Fantasy is hard to do and I found this fantasy land incongruous, not consistent, and also not full bodied enough to be intriguing.

Maybe my attitude is based on the fact that the writing is minimalistic. But the plot also feels minimalistic. The game feels minimalistic. Too thin. Way too thin.

I peeked at the walkthru fairly early on, but still after solving some on my own. I also solved some after peeking. But I just wasn’t interested enough to keep working at it, so I peeked a lot. SPOILER ON I only found one puzzle that seemed unfair, waiting for the hat to fall off. No indication really that that was going to happen. Maybe if the little girl tried to go pass the guard the hat would fall off, I couldn’t tell. SPOILER OFF.

I feel this game was probably a good exercise for the author to learn I7. But if it had been me, I would have left it as an exercise and never released it.

Overall, it just doesn’t feel like an adult game. (Not speaking of sex here. :-)) This might be a game a child would enjoy playing, I have no idea. But I am not a child and I didn’t.

I will give this decent marks for being well enough done, but also rank it average for being too thin.

IF Comp 2007 – Ferrous Ring

I made no notes on the following games as I played them, so I better get my thoughts down before they fade. (I was going to post three reviews in this section, but as I have already posted one and wordpress keeps reformatting my paragraphs, I will post the other two in a separate post.)

Ferrous Ring

I ended up unsure how I felt about this game, so it is going to be hard for me to rate. I found no programming problems and everything that needed to be implemented seemed to be implemented, but I ended up pretty confused. I also read someone else’s review and don’t agree with his take on it, so here’s at it…

The PC is living in a post-acopolyptic world near a university/library. It is unclear what happened, although it is clear that some of it has happened quite recently. There is some destruction that implies a war, bombing, something — which evidentially occurred right before game start. But there are also indications that the deterioration of society and infrastructure has also been going on for some time. So one gets the feeling that the war has been getting progressively worse and coming closer and closer to home. The remaining pockets of civilization are rapidly disappearing.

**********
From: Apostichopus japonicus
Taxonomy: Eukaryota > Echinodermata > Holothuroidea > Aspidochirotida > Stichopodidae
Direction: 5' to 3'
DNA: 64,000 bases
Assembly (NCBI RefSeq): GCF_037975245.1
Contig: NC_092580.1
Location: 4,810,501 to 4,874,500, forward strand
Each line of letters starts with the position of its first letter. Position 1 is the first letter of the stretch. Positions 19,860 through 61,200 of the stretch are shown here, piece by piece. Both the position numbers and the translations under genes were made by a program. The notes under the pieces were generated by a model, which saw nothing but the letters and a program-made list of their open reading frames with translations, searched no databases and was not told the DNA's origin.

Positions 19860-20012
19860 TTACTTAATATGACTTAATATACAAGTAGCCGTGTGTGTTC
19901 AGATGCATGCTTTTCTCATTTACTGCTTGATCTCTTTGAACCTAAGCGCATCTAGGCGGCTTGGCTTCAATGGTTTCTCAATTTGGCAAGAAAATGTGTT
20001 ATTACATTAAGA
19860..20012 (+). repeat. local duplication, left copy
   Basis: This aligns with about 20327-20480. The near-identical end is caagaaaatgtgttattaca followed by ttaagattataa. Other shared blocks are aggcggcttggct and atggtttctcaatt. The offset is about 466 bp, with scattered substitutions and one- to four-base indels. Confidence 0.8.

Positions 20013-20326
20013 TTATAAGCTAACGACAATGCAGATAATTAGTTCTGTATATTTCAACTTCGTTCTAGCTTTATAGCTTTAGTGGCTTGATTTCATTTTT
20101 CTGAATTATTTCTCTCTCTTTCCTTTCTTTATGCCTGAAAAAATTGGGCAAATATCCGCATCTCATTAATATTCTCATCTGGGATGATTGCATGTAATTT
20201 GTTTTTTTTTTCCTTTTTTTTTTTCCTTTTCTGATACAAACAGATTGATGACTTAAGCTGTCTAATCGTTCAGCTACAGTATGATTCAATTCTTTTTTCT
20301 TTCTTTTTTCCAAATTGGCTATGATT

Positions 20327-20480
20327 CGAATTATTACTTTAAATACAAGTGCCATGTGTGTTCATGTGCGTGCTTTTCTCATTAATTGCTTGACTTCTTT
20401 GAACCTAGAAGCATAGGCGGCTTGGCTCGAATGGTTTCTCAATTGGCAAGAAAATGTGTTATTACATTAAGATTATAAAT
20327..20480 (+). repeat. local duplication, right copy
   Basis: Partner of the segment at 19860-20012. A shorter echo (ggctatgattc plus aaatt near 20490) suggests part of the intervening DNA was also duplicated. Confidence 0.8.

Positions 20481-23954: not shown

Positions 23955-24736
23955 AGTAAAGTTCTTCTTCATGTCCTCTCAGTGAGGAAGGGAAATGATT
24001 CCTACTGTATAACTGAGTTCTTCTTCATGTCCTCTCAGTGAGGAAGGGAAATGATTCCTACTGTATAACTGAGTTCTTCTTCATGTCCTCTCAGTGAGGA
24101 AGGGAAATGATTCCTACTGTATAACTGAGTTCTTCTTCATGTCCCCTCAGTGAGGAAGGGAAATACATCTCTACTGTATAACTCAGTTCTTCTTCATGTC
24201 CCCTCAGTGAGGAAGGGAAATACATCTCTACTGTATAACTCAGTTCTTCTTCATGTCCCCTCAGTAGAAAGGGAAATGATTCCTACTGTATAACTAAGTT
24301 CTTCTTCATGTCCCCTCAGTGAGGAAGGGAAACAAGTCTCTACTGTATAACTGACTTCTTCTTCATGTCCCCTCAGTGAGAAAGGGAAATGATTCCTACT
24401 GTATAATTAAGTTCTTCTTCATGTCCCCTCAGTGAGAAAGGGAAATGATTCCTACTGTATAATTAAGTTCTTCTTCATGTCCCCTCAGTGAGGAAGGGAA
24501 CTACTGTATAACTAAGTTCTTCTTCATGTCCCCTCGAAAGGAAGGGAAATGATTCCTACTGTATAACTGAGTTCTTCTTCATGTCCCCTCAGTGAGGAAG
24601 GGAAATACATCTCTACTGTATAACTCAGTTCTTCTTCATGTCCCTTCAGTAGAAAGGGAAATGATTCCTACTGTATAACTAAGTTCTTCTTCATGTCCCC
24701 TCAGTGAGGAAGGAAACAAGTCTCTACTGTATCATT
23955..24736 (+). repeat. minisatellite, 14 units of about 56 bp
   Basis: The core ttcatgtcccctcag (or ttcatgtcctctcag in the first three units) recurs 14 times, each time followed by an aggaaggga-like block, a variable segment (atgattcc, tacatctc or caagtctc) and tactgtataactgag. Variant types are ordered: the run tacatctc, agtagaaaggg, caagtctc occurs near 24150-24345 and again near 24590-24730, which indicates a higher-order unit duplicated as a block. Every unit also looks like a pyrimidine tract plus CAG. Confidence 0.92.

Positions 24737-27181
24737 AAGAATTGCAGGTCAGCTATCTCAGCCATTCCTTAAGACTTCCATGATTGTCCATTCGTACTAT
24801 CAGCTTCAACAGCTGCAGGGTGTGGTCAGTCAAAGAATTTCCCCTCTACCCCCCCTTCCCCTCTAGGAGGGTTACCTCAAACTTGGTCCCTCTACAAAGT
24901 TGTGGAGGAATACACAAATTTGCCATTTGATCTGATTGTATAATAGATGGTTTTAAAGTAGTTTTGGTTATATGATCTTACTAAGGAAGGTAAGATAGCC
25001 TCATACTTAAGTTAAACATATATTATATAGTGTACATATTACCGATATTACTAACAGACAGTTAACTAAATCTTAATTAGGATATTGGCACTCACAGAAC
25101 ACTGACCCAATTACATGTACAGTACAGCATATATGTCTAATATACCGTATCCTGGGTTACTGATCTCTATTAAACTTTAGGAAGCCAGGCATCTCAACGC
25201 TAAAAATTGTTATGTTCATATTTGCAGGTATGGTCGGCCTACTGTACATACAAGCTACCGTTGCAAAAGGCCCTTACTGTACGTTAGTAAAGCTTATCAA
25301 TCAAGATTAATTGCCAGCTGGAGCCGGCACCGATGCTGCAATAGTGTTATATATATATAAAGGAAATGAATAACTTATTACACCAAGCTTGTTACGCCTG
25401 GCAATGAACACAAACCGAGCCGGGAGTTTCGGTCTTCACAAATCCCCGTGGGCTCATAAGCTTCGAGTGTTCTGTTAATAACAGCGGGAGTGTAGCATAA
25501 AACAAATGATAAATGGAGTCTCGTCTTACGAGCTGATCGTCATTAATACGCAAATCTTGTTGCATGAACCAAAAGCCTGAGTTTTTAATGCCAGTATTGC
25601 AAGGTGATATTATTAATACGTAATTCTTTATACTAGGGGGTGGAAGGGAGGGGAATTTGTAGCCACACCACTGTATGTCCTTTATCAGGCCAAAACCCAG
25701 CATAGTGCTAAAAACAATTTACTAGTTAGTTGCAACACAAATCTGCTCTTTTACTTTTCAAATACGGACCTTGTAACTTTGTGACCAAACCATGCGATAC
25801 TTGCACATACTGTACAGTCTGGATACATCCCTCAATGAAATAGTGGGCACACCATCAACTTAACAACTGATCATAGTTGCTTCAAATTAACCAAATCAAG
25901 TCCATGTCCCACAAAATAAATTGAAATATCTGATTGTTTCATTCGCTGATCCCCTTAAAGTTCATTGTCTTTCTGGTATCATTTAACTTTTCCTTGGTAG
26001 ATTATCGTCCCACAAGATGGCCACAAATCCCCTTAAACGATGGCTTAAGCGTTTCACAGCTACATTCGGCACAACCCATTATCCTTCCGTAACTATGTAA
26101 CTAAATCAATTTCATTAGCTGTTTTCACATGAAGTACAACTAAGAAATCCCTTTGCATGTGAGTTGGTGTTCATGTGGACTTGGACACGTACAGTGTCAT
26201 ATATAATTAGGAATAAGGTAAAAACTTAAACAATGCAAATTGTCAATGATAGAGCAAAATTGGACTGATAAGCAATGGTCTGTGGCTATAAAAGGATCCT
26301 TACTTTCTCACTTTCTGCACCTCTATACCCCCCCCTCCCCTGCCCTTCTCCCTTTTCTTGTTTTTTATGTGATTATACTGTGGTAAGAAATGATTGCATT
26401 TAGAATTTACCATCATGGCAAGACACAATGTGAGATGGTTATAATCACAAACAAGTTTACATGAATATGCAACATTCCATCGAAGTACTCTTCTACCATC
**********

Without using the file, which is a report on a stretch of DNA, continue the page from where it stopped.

It is unclear whether the PC is a student, but he appears to be one, or a semi-student, and he has friends that live in underground grottos and collect food cans. It’s like people have been hanging onto technology and the survival items created by mass production as long as they can while society has been falling apart. Only now the library is also gone and it appears his reason for continuing to remain there has disappeared.

The intriguing thing about this game is that it is done in first person, I, and done pretty well. No responses I got included the word you, such as “You can’t see that here.” This, I felt, was done better than I would have expected and worked better than I would have expected.  Also there is an interesting take on inventory/surroundings. If you enter “look”, below the room description is a listing such as this:  “Good: list” and below that “Bad: list.” Each list includes things in one’s location and one’s inventory. A nice conceit, although I am not sure that most of us classify our surroundings that primally, into what we think is good and bad around us. Although maybe on some level we do, as a survival trait, what is a threat to us and what is not. Since the story is written first person, though, it does let us know where to focus our attention and where not to, because it lets us know where the I in the story is focusing his attention.

The game starts out pretty directive, which at first annoyed me, but that tapers off pretty soon and eventually it fades out completely — but in a realistic and gradual way. The directions are also done well, with things like “I probably should go over to…” (paraphrasing, it’s worded a little better than that). This is extremely helpful, what would the person that you are sort of riding along with do in this situation? So the game tells you more at first, and less and less as you go along and get a sense of who the PC is. It also seques from one scenario to another pretty effectively, by use of the space bar. These are not quite chapters, but they do help skip over intervenening actions that might not only be time consuming but also hard for the player to figure out while he/she is still getting to know who the PC is and what he would do.